Skip to main content



Artwork Details

circa 1940
wood, porcupine quills, pigment, and raffia
14 in x 5 15/16 in x 2 in (35.5 cm x 15 cm x 5 cm)
Gift of Candis and Helmut Stern

On Display

Not currently on display


Subject Matter:

This anthropomorphic mask surrounded by porcupine quills is attributed to the Bembe or the Bembe-Buyu, who today live in the Democratic Republic of the Congo. The bifurcated face is a stylistic feature seen in the masks of the neighboring Buyu. Known as an emangungu or eluba, masks such as this one were worn by dancers during ceremonies of the Butende and Elanda societies, both of which required elaborate initiation rites for its members. This particular mask joins the spirits of the ancestors—represented by the human face—with those of the forest—symbolized by the porcupine quills. In the secluded initiation camps set deep in the hinterlands, the spirits associated with these masks were charged with guarding and protecting the young initiates from danger, as well as, finding provisions and gifts for them.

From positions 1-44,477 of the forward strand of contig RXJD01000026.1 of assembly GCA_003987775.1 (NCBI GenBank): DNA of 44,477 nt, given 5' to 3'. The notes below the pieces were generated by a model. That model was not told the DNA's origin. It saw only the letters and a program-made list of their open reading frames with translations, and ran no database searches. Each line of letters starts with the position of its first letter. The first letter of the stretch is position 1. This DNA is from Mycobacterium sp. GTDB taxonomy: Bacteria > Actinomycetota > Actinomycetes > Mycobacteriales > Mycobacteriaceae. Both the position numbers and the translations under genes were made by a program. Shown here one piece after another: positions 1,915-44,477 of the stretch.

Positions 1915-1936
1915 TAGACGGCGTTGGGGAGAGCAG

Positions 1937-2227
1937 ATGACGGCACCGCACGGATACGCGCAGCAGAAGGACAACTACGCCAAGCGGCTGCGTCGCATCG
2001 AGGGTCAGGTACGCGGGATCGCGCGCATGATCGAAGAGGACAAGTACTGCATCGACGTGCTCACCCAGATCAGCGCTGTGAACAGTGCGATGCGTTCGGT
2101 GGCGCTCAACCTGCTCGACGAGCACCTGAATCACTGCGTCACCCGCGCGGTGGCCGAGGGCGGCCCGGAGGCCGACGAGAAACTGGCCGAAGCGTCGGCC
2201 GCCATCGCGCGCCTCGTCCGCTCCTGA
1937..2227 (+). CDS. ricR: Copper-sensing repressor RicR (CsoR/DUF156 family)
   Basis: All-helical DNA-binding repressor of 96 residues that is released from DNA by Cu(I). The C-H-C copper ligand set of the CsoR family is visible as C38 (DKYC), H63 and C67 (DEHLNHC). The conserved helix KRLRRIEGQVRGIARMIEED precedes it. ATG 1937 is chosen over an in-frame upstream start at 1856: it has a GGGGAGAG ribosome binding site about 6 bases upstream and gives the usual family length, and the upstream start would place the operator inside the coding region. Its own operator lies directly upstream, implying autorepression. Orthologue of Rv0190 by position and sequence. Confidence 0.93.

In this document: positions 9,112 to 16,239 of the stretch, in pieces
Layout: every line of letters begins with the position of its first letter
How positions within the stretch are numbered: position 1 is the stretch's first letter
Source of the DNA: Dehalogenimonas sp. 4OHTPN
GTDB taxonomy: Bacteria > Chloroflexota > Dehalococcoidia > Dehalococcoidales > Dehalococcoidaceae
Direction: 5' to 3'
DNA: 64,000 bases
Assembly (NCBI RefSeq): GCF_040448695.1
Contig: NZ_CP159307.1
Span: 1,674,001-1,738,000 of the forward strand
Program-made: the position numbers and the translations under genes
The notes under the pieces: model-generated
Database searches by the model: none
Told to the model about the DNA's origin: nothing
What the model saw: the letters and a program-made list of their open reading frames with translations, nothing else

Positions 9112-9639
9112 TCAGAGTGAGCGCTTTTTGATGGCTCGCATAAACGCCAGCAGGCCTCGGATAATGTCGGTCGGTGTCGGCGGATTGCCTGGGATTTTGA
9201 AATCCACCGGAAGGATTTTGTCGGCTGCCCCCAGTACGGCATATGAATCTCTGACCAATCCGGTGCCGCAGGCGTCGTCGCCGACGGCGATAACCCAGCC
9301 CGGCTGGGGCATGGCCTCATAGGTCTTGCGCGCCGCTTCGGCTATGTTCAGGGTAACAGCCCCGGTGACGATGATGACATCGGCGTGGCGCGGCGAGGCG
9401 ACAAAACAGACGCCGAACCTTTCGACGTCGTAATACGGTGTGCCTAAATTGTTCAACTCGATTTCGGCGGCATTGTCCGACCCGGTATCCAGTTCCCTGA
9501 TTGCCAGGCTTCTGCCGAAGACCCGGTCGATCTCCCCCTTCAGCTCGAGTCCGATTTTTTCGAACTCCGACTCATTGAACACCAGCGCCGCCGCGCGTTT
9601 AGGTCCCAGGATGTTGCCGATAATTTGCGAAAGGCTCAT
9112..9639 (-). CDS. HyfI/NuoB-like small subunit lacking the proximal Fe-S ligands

Maurer, Evan M. and Niangi Batulukisi.  Spirits Embodied:  Art of the Congo, Selections from the Helmut F. Stern Collection.  Minneapolis:  The Minneapolis Institute of Arts, 1999.

Physical Description:

This ovoid, wooden Bembe mask depicts a human face. The right half of the face, however, has been painted black, creating a bifurcated appearance. Its facial characteristics include large, almond-shape eyes set in rounded, ocular cavities; a slender nose; and, an open mouth painted white. Most striking, however, are the long, black and white porcupine quills that have been carefully tied around the mask’s perimeter, yielding a dramatic, formidable look.

Usage Rights:

If you are interested in using an image for a publication, please visit for more information and to fill out the online Image Rights and Reproductions Request Form.